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Aside from Ray Brown and Dave Holland, few bass players over the years have chosen to put their instruments up front as a leading voice. Lest we forget the efforts in this area by the legendary Paul Chambers, a recent Mosaic Select collection sets the record straight on the bassist's own sessions as a leader. While just about all the music included on this three disc set has been available on CD before in one form or the other, currently only Whims of Chambers is in print, making this a must-have item for those fans of Chambers' work who might have missed out the first time around.
This collection kicks off with a March 1956 session that was originally issued as Chambers' Music on the Jazz West label. While recorded in Hollywood, it's a decidedly New York cast of characters that contributes, including Kenny Drew, Philly Joe Jones, and John Coltrane. The sound quality is strong and this early glimpse of Coltrane makes for an intriguing listen even if the general feeling is of the jam session variety. Far less interesting are three selections done a month label in Boston for Transition. While Coltrane is again present, these loose structures and lengthy jams provide for not much more than a string of solos.
The meat of this collection commences with the September 1956 Blue Note session that was issued as Whims of Chambers. Chambers strolls his bass (which was supplied with a wheel attached to the bottom support peg) down the street on the cover shot in one of the more memorable early Blue Note covers and we get the rare opportunity to hear Coltrane in the company of Horace Silver for what was their only recorded appearance together. Everything about this date makes for a hard bop delight, with Chambers putting himself up front but without any grandstanding that might take away from the overall satisfaction. Donald Byrd's "Omicron" and "We Six" are prickly burners that find Coltrane at his early best.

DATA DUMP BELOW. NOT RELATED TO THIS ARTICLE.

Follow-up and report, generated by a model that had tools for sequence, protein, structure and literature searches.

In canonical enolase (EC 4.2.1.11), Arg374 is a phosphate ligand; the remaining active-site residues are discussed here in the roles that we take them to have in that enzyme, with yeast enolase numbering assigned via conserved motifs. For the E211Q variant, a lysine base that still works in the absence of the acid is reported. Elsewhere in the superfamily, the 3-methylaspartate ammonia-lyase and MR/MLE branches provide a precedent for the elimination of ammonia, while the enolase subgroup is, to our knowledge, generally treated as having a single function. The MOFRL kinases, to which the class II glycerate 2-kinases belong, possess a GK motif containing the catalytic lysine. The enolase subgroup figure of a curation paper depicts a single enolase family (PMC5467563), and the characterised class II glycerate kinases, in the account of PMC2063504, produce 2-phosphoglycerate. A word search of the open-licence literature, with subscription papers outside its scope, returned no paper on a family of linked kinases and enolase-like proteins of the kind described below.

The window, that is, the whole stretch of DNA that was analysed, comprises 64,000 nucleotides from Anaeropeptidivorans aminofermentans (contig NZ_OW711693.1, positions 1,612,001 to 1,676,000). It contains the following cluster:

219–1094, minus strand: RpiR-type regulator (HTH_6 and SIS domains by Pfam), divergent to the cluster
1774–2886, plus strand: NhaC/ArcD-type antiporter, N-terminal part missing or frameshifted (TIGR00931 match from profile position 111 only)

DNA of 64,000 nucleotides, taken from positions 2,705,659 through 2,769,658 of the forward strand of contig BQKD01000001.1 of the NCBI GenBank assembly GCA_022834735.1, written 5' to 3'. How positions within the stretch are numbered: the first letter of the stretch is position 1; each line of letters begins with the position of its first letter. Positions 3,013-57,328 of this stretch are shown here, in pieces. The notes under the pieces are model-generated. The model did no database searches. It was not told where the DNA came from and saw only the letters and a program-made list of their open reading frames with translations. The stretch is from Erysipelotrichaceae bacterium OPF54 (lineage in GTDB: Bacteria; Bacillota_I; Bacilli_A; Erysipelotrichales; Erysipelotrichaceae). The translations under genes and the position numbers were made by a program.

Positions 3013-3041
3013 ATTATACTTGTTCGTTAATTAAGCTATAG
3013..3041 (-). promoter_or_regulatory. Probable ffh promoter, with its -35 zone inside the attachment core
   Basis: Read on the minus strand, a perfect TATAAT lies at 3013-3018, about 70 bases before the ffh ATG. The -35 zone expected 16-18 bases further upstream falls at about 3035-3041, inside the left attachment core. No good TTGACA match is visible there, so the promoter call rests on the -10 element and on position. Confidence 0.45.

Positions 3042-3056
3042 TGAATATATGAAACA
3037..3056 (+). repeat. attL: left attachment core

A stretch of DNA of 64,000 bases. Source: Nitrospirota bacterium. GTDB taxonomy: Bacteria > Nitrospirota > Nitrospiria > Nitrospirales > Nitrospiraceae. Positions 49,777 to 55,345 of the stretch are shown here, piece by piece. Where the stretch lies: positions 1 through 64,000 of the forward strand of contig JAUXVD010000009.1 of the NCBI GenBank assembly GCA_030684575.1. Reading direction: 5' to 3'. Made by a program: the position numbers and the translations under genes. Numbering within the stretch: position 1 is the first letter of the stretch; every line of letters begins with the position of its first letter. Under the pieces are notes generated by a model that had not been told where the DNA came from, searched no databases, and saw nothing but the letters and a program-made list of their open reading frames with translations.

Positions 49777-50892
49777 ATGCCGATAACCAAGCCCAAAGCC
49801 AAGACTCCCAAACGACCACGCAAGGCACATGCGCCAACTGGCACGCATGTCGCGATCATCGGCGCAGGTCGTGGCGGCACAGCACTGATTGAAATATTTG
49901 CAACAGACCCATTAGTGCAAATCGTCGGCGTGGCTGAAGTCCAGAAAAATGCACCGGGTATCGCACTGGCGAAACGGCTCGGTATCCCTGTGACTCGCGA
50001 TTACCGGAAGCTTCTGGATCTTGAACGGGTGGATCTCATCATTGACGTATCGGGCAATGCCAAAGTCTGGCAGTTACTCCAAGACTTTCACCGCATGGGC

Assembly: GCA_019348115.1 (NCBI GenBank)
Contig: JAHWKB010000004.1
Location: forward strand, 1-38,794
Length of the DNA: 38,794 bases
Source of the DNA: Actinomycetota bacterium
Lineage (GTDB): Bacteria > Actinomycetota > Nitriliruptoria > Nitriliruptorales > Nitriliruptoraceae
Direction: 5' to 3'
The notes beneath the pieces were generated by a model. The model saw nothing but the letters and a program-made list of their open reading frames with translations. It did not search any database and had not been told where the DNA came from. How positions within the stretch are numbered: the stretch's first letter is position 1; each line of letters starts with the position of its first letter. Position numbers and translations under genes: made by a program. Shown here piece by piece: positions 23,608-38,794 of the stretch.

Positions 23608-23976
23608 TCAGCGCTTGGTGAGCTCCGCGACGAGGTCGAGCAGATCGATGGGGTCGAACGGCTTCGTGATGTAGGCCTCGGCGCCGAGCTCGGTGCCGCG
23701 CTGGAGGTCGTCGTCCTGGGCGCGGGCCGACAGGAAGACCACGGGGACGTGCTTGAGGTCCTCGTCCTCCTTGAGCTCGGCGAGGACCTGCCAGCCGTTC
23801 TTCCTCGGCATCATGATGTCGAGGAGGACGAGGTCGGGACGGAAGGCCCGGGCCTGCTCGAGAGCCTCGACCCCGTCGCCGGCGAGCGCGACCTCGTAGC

Things start to change up with the 1957 studio date Paul Chambers Quintet. Byrd is back on trumpet, but now he's sharing the front line with Clifford Jordan and the rhythm section includes two Detroiters, namely Tommy Flanagan and Elvin Jones. There's a decidedly more ambitious feel to this one thanks to some strong original lines, including two numbers from the pen of Benny Golson. Chambers' final Blue Note album, Bass On Top , retreats to more familiar territory and its title fairly sums up the intent. Without any horns and a plethora of bass solos, the album wears out its welcome fairly quickly, although bass fanatics will be taking in every note.
A very concise package of Chambers' sole recorded work as a leader, this set also includes the two 1959 duets with Art Blakey and a booklet that includes original liners and color reproductions of several of the original album covers.
Track Listing: DISC ONE
1. Dexterity (A) 6:44
2. Stablemates (A) 5:52
3. Easy To Love (A) 3:50
4. Visitation (A) 4:53
5. Trane's Blues (aka John Paul Jones) (A) 6:54
6. Eastbound (A) 4:21
7. Omicron (C) 7:15
8. Whims Of Chambers (C) 4:03
9. Nita (C) 6:03
10. We Six (C) 7:39
11. Dear Ann (C) 4:18
12. Tale Of The Fingers (C) 4:41
13. Just For The Love (C) 3:41
1. Trane's Strain (B) 11:00
2. High Step (B) 8:09
3. Nixon, Dixon And Yates Blues (B) 8:26
4. Minor Run-Down (D) 7:36
5. The Hand Of Love (D) 6:22
6. Softly As In A Morning Sunrise (D) 3:06
(S. Romberg-O. Hammerstein)
7. Four Strings (D) 5:26
8. What's New (D) 5:38
(B. Haggart-J. Burke)
9. Beauteous (D) 8:05
10. Four Strings (alternate take) (D) 5:11
1. Yesterdays (E) 5:50
(J. Kern-O. Harbach)
2. You'd Be So Nice To Come Home To (E) 7:15
3. Chasin' The Bird (E) 5:45
4. Dear Old Stockholm (E) 6:40
5. The Theme (E) 6:10
6. Confessin' (I'm Confessin' That I Love You) (E) 4:15
7. Chamber Mates (E) 5:00
8. I've Got My Love to Keep Me Warm (F) 7:07
9. What Is This Thing Called Love (F) 5:42
Personnel: Paul Chambers (bass) with John Coltrane, Pepper Adams, Curtis Fuller, Elvin Jones, Tommy Flanagan, Kenny Burrell, Horace Silver, and many others
I love jazz because it is a pure American music and can be expressed in different ways depending upon the artist.
I was first exposed to jazz while as a teenager I listened to Duke Ellington, Benny Goodman, and Louis Armstrong, on a jazz
radio station in New York City.